Consumption Jobs
Consumption jobs are the tasks required to use a solution. Purchase, install, learn to use, interface, maintain, repair, and dispose are all consumption jobs that relate to using a solution.

In the book, Clay doesn’t use the same language to discuss Consumption Jobs, but when he talks about “experiences,” he often includes Consumption Jobs.

One example from the book is how American Girl dolls were never sold in traditional toy stores but only in catalogues and then in American Girl stores. The stores in particular turned purchasing a doll (a consumption job) into a special event between a parent and their child. By tightly controlling their sales channels, American Girl improved on the purchase job. It’s a great example of how improving consumption jobs can contribute to the whole experience of getting the job done with a product.

Step 2: Identify all the needs in your customer’s job.
Knowing the customers functional, emotional and consumption jobs is just the start to practicing jobs theory. As Clay states, a product “designed without a clear job spec, even the most advanced products are likely to fail.” But, what is a “job spec”?

In our view, a job spec should include all the criteria a customer uses to judge if she can execute the job successfully. We call these criteria the customer needs, and they are metrics. As Clay writes, “A powerful lever to drive job-centric process development and integration is to measure and manage to new metrics aligned with nailing the customer’s job.”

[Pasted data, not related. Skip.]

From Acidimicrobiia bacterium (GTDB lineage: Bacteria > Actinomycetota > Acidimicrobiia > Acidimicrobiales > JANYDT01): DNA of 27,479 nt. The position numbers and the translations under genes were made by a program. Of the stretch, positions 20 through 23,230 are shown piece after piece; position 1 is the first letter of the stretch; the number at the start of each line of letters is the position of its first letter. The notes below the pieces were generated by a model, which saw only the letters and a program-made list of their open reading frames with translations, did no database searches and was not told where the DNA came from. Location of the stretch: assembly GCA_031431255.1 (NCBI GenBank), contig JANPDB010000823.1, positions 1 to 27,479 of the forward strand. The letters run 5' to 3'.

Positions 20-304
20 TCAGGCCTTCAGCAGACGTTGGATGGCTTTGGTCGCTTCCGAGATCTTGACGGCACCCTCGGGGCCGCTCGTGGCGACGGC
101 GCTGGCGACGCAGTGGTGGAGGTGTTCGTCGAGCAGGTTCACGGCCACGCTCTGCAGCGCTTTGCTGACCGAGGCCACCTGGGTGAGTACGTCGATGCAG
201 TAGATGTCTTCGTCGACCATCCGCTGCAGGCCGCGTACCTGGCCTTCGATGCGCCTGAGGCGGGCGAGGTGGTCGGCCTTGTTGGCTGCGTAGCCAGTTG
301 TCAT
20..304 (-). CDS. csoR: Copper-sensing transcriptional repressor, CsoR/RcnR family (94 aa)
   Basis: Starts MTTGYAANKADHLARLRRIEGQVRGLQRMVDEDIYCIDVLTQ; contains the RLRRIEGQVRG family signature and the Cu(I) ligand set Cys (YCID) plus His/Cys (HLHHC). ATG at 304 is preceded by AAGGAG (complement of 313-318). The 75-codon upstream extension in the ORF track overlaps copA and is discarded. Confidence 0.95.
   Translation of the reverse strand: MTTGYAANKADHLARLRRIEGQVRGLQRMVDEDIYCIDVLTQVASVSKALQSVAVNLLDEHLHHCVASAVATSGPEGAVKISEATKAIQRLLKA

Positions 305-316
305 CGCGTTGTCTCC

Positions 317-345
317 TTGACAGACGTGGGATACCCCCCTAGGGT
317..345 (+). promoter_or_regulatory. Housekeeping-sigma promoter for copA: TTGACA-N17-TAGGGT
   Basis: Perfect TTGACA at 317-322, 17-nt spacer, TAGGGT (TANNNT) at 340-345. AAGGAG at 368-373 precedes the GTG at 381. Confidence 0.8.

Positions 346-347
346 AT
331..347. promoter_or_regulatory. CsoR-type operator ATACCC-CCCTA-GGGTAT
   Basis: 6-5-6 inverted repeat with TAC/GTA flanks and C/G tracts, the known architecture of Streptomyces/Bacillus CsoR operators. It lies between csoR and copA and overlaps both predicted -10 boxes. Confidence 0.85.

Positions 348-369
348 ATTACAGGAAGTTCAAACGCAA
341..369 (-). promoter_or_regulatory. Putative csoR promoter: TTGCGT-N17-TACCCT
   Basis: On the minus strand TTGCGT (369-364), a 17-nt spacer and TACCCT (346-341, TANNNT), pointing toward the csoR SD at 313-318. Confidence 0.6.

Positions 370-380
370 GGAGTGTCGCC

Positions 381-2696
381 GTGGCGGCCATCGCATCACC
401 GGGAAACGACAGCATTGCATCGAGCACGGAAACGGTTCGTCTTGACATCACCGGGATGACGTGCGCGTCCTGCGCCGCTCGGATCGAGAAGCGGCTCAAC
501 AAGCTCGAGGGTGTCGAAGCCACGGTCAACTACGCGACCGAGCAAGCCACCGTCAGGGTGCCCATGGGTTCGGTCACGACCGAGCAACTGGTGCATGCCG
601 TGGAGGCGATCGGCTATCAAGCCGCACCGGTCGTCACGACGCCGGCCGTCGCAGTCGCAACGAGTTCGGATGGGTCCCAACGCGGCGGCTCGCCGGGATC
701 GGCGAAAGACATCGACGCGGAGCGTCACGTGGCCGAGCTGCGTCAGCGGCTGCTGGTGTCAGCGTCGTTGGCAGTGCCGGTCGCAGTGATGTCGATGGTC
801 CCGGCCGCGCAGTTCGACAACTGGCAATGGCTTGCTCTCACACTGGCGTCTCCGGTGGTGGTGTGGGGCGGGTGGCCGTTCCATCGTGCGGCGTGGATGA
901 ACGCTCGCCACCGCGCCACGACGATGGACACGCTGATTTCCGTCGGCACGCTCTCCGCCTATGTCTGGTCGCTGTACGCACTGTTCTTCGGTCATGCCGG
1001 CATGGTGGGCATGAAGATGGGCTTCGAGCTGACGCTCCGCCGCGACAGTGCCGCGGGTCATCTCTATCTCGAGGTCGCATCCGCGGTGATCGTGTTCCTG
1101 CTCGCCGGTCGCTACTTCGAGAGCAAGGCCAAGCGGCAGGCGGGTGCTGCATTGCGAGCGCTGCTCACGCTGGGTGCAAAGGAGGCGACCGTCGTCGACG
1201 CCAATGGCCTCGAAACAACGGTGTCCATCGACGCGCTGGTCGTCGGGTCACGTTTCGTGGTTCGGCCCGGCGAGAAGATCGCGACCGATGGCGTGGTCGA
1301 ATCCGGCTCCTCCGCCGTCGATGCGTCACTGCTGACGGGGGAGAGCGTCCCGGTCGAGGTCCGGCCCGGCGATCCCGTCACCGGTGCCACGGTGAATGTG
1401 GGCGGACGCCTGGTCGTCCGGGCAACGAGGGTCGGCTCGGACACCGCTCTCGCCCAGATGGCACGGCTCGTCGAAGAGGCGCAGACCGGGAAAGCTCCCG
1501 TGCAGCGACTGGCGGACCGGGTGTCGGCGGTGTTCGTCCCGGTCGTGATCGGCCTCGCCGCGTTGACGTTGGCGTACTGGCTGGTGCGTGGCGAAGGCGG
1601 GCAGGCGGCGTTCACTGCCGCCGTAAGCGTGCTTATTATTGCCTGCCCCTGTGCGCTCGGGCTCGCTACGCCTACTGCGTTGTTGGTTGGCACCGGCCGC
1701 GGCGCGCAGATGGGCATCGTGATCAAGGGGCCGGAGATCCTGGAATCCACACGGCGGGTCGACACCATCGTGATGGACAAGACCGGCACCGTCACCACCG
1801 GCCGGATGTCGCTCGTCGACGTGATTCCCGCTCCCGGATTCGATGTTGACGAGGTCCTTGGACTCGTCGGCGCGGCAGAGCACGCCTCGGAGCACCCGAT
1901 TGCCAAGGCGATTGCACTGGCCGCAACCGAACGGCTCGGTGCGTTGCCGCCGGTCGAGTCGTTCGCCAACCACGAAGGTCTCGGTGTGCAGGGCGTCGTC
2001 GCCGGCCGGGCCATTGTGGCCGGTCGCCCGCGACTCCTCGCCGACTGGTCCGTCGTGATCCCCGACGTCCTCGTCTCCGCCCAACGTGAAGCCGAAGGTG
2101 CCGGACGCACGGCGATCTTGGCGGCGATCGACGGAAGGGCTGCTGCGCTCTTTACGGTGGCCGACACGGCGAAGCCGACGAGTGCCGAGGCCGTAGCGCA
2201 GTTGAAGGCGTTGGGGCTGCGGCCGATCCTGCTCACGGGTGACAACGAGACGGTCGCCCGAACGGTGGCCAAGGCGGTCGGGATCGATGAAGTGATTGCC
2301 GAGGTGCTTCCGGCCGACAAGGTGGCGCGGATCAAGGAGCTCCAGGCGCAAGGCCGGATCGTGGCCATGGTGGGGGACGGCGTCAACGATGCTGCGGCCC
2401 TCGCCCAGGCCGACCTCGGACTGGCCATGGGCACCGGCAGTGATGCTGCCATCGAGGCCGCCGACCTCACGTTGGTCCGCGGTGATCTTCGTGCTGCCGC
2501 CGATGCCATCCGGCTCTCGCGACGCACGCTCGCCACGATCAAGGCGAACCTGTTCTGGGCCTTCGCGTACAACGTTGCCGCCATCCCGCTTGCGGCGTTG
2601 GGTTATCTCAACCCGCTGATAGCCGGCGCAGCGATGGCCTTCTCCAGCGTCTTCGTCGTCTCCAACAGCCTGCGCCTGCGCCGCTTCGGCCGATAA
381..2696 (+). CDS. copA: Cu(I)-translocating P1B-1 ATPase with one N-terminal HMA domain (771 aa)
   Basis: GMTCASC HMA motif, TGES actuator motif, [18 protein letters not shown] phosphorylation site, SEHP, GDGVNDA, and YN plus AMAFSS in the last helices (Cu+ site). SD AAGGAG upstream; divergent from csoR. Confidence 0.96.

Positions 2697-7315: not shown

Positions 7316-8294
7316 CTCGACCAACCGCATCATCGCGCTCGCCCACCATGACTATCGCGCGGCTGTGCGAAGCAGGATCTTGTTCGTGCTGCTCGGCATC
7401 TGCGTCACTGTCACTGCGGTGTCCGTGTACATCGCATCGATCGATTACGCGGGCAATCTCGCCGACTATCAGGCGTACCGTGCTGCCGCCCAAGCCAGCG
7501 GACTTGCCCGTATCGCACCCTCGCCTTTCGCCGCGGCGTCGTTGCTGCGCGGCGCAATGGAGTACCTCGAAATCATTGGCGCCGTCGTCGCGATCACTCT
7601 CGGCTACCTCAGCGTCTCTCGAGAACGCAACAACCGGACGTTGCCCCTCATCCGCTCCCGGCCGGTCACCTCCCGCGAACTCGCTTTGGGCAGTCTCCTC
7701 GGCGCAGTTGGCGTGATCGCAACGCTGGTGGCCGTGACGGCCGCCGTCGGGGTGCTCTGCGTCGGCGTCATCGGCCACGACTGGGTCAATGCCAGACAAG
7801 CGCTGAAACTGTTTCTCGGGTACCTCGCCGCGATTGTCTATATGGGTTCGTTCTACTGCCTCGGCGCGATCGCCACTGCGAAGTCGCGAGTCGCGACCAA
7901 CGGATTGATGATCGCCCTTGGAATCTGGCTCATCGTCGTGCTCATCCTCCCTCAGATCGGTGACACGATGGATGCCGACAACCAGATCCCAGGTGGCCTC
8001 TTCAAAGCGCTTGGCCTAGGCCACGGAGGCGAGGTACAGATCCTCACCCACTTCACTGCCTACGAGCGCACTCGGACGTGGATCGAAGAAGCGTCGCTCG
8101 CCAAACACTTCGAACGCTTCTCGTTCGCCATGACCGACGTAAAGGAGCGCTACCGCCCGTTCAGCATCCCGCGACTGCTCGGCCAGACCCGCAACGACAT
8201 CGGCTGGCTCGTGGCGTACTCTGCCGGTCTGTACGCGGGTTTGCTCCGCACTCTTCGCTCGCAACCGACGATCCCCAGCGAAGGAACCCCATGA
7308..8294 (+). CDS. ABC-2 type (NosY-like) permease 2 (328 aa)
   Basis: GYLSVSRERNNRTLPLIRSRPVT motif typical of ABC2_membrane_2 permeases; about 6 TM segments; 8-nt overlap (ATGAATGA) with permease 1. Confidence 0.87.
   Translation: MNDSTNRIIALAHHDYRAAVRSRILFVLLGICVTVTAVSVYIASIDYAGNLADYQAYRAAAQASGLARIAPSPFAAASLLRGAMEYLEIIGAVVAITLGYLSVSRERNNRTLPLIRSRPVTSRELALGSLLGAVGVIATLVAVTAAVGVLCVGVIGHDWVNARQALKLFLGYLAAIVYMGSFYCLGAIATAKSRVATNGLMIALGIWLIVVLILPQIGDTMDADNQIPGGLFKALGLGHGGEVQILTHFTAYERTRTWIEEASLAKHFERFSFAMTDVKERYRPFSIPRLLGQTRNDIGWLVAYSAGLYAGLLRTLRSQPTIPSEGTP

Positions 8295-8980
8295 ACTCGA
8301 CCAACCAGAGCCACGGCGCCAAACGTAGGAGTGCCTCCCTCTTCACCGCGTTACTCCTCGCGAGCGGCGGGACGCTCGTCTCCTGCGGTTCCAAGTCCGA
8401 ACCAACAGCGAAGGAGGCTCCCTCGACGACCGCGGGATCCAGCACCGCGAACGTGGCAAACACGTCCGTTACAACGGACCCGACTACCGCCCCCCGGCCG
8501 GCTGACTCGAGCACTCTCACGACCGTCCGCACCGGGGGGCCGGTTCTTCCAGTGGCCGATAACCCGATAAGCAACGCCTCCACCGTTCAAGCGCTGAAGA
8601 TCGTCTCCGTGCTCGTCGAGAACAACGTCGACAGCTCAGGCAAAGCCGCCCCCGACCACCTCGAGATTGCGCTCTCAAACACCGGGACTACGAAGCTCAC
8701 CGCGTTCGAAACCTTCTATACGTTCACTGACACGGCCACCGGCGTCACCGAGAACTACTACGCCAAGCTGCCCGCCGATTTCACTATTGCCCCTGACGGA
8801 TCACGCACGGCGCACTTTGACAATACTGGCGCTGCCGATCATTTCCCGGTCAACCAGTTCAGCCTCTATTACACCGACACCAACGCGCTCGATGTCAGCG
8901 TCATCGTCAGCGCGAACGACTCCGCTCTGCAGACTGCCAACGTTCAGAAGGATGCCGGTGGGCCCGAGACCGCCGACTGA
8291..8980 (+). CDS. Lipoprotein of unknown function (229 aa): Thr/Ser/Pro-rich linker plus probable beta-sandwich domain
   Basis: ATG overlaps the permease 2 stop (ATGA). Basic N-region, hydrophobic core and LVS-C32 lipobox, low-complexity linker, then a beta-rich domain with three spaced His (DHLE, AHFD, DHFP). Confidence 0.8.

So how do we identify all the needs (the “new metrics”) in your customer’s job? First, let’s define a customer need in more detail.

We know that all job executors want to execute the job “perfectly,” in Clay’s words. In our view, this means they want to execute it as fast as possible without any errors and without it going off track–quickly and accurately.

The good news is that speed and accuracy in a functional job can be measured, so we use “time” and “likelihood” as the main metrics to define customer needs in a job.

When drivers are trying to get to a destination on time, they need to reduce the time it takes to determine if an alternative route should be taken due to traffic. When surgeons are restoring artery blood flow, they need to reduce the likelihood of restenosis. When CIOs are enabling secure data use, they need to reduce the time it takes to determine the referential integrity of the data. When consumers are trying to create a mood with music, they need to reduce the likelihood that a song disturbs the mood.